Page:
the Voice of
The Communist League of Revolutionary Workers–Internationalist
“The emancipation of the working class will only be achieved by the working class itself.”
— Karl Marx
Feb 6, 2023
Tech companies have been laying off thousands of workers in recent months. According to Layoffs.fyi, a website that tracks layoffs, the tech industry has laid off nearly 250,000 employees in the 13 months since the beginning of 2022.
These companies are enormously profitable and an important source of wealth for the capitalist class. Alphabet, which owns Google, for example, laid off 12,000 workers so far, even though it just announced a yearly profit of 60 billion dollars for 2022—and that’s AFTER taxes! And it has been shoveling all that money directly to its richest stockholders by buying back its own shares to the tune of 150 billion dollars over the past five years.
Apple and Microsoft have been doing the same thing. Apple bought back 409 billion dollars of their own stock over the past five years, and Microsoft bought back 170 billion dollars!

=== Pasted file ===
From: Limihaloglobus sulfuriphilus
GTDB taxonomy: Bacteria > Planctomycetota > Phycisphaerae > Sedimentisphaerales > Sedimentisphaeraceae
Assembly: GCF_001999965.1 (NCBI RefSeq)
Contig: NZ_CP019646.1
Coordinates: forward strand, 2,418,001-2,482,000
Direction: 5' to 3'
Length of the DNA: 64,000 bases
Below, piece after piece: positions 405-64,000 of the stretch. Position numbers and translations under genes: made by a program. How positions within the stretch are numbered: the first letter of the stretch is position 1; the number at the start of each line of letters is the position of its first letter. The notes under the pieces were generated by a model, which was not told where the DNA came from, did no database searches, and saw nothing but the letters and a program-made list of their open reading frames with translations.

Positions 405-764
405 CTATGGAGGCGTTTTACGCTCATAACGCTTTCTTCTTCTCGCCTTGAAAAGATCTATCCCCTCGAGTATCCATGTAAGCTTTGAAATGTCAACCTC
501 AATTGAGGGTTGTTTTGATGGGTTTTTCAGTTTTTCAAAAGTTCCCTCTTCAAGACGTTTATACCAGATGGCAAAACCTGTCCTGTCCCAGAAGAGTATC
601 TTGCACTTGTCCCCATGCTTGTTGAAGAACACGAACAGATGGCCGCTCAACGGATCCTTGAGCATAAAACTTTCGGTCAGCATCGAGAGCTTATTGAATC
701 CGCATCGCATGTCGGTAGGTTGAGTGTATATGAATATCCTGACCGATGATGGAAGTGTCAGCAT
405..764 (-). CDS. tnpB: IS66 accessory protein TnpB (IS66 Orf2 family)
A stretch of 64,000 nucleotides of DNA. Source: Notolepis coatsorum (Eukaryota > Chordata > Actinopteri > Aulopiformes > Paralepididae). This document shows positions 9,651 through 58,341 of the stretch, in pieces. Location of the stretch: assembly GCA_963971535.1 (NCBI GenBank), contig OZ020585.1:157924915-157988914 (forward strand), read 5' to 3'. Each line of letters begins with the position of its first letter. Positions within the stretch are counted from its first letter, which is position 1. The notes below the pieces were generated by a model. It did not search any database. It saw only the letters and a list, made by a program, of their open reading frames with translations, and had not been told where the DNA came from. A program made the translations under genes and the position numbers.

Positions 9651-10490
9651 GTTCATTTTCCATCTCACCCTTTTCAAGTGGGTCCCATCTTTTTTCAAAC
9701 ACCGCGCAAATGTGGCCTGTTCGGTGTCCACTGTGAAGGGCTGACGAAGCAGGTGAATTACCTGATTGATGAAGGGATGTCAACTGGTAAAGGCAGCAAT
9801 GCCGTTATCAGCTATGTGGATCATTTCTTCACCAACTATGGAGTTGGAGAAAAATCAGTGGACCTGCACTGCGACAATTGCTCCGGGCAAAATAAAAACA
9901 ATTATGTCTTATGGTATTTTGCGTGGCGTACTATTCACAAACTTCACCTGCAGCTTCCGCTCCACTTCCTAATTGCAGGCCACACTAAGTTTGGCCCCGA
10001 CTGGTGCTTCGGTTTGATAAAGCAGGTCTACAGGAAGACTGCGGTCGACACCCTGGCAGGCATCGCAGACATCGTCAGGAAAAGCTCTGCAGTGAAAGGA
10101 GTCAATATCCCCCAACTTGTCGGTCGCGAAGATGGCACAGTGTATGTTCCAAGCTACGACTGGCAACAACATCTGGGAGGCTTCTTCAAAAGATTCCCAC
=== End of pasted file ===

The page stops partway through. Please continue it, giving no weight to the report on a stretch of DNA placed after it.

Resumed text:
These layoffs are an open attack on workers, who have begun organizing over many different issues.
At Google, for example, workers formed AWU, or Alphabet Workers Union (named after Google’s parent company Alphabet). They are demanding, among other things, that all workers, regardless of employment status, have the same benefits and that the company hold higher-ups accountable for retaliation, harassment, and discrimination against workers—in particular against female workers. At the Microsoft subsidiary ZeniMax, workers formed the first union ever to be recognized by the company.
Tech workers have also been vocal on political issues. Google workers protested, successfully, against a defense contract that the company dropped as a result. At Facebook and Twitter, workers spoke out against their companies’ allowing Donald Trump to stay on their platforms after January 6. At Microsoft and Amazon, workers demanded that their companies reduce carbon emissions.
No doubt, these huge layoffs are a way for tech bosses to crack the whip on a workforce that is increasingly defiant—a way to put fear in workers and increase the pressure on them.
But the workers have not been staying idle either. Laid-off workers have been using their ties, strengthened through their own organizing efforts, to remain in solidarity and to support each other. This is already a step forward, directed against companies’ permanent efforts to keep workers isolated and to turn them against each other.